My grandparents had eight children. The eldest was Muriel who took on the mantle of the senior member of the family and cared for the rest. She died aged 86 a couple of years ago. My mother, Iris, is the second in the family and is very much alive and
well. The tragedies began very early on. The youngest to die was Sweenitha at the
tender age of 12 of meningitis in 1940. The death rocked the family severely. Then it
was aunt Beatrice at the age of 31 of a rare autoimmune disease in 1962. Aunt Enid
died in 1971 from surgery for gall stones. I felt this was a pointless death at the age of 47 and wondered if there was medical negligence. This tragedy left a husband and
two young children under the age of ten in total despair. These sad events and the
ravages of time took its toll on my grandparents. It broke their spirit but carried on as there were still unfinished responsibilities. The loss of a granddaughter in her prime caused them indescribable pain. It is true that a family never recovers from the loss of a child and they never did.
The academic success, achievements and prosperity of their two sons brought them
great joy. Neville qualified as an engineer and had a very successful career in the Oil
Industry in the Middle East. Walter became a psychiatrist in Toronto, Canada. In their 70’s my grandparents travelled to Toronto and saw for themselves the affluence and elegance and also the decadence of the western world. They had many stories, photos and fond memories of that trip. My grandparents had a tremendous sense of humor with anecdotes from real life situations. What I recall most of all is their fun, laughter and happiness.
A brief return
My father was in Government Service and had to move from town to town every
three years. In their wisdom my parents decided to send me to the hostel, at great cost to themselves. It was to give me a stable life and teach me the social skills and
discipline. I achieved their goals only to lose them in the rough and tumble of
University life. After having entered Medical College in 1962 I returned to my
grandparents in Nugegoda. There had been a complete transformation of the town in the intervening years. It was big, bustling and busy. The network of telephone and
electricity cables formed an aerial lattice reflecting the changing times.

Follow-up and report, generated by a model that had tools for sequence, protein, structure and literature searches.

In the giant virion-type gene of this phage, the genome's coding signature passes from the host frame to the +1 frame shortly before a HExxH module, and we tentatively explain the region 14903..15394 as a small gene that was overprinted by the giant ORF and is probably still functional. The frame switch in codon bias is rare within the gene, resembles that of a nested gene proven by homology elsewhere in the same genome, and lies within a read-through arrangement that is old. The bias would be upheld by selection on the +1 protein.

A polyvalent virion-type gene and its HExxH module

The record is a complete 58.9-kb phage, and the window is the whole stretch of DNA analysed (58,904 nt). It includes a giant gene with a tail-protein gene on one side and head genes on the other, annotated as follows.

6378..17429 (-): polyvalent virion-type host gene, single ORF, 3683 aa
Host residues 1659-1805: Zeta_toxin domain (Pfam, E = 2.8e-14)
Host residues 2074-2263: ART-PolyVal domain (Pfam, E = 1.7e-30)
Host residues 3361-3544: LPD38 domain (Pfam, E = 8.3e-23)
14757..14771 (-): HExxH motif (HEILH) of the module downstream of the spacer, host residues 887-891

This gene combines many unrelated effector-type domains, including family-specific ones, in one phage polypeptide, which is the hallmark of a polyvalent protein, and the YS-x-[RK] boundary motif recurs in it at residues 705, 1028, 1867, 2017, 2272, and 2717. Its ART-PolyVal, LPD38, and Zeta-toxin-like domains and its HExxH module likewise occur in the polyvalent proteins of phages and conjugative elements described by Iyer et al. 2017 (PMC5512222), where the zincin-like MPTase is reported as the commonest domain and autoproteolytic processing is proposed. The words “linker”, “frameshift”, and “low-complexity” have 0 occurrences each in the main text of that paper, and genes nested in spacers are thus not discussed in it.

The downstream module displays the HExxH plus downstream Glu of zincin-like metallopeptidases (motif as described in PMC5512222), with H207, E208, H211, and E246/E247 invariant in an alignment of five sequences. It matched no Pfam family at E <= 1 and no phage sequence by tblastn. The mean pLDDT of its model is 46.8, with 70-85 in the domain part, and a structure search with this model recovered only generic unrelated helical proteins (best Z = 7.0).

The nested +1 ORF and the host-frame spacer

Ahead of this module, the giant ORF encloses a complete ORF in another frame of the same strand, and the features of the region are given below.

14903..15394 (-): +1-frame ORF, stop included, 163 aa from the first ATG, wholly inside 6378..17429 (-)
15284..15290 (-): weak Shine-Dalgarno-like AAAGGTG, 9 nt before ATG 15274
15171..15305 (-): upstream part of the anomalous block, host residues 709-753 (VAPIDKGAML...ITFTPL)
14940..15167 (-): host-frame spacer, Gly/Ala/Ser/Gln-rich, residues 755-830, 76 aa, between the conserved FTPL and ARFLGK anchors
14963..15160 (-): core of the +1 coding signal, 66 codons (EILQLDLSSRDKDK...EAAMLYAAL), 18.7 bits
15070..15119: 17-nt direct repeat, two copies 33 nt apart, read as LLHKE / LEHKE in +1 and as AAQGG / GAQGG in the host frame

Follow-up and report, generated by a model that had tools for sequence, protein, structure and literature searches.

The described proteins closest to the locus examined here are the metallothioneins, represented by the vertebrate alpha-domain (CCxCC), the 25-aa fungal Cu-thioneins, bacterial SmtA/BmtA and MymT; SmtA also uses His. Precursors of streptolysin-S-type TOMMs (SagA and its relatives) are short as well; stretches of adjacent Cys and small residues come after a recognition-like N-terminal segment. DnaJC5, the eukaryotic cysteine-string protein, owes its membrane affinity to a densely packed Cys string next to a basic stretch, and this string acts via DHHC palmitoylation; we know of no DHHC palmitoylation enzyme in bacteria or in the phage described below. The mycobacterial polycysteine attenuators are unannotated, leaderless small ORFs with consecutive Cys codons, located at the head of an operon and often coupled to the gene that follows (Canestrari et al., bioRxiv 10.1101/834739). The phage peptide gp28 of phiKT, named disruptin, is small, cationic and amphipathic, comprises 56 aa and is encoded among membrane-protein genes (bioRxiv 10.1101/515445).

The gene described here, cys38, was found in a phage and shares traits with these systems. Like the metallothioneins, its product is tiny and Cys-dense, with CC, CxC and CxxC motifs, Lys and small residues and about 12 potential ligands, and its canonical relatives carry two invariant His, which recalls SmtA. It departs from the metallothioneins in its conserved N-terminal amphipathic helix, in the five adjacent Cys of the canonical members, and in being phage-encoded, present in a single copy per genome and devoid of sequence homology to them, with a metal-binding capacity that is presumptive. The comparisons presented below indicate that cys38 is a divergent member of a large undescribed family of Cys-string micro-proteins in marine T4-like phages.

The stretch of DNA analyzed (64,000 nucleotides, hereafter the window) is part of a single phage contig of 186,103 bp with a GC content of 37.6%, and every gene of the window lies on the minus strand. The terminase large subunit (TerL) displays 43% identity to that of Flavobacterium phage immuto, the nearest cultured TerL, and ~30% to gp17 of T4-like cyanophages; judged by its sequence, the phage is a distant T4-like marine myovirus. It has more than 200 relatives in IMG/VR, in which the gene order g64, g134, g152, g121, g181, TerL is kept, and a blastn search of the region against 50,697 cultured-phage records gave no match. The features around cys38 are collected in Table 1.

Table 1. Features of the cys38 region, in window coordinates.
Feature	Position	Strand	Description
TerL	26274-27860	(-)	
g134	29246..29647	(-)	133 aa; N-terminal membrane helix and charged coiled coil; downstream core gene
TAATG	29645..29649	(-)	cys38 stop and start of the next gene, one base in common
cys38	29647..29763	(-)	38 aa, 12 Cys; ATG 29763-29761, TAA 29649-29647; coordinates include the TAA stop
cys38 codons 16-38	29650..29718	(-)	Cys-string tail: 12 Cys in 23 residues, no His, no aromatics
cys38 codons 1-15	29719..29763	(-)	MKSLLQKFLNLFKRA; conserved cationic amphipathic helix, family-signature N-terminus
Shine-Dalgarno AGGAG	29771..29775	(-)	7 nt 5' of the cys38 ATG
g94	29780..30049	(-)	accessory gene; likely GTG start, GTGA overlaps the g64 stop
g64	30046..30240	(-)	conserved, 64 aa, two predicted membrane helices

Wickramasinghe Place was now called Samudradevi Mawatha. Rev.Wickramasinghe
helped the community enormously and built the schools. It was sad to see them erase from memory his life’s work.
At Doris Cottage every room told a story and every picture and piece of furniture
seemed laden with memories. My grandparents had aged gracefully and their faces
reflected the joys and hardships of their lives. They had gradually become less and
less mobile. Their love, wit and humour remained undiminished. Grandma told me
stories that I hadn't heard before, of her life and times where she grew-up near
Batalagoda in the Kurunegala district. A strong sense of family persisted as always. I
lived in Nugegoda for a further two years before moving to Wattala with my parents.
Time passed swiftly and relentlessly. During those years and always my grandparents
had the respect and love of the extended family. Their eyesight and the hearing
gradually failed. They became mostly confined to home. I visited them from time to
time and saw the decline. Whenever we met there was always much to discuss. They
loved to retell old family stories and amusing ones. Grandma kept touching
mementoes of our family like photographs and paper cuttings, which she cherished
immensely. To her every photo spoke volumes. Grandpa died in 1983 aged 89. I was
then in London and felt the loss deeply. After his death, for grandma life became an
ordeal. She lead a quiet life and remained fit but frail. I have often seen her sitting
alone wrapped in her own thoughts. Memories of the past stared at her from every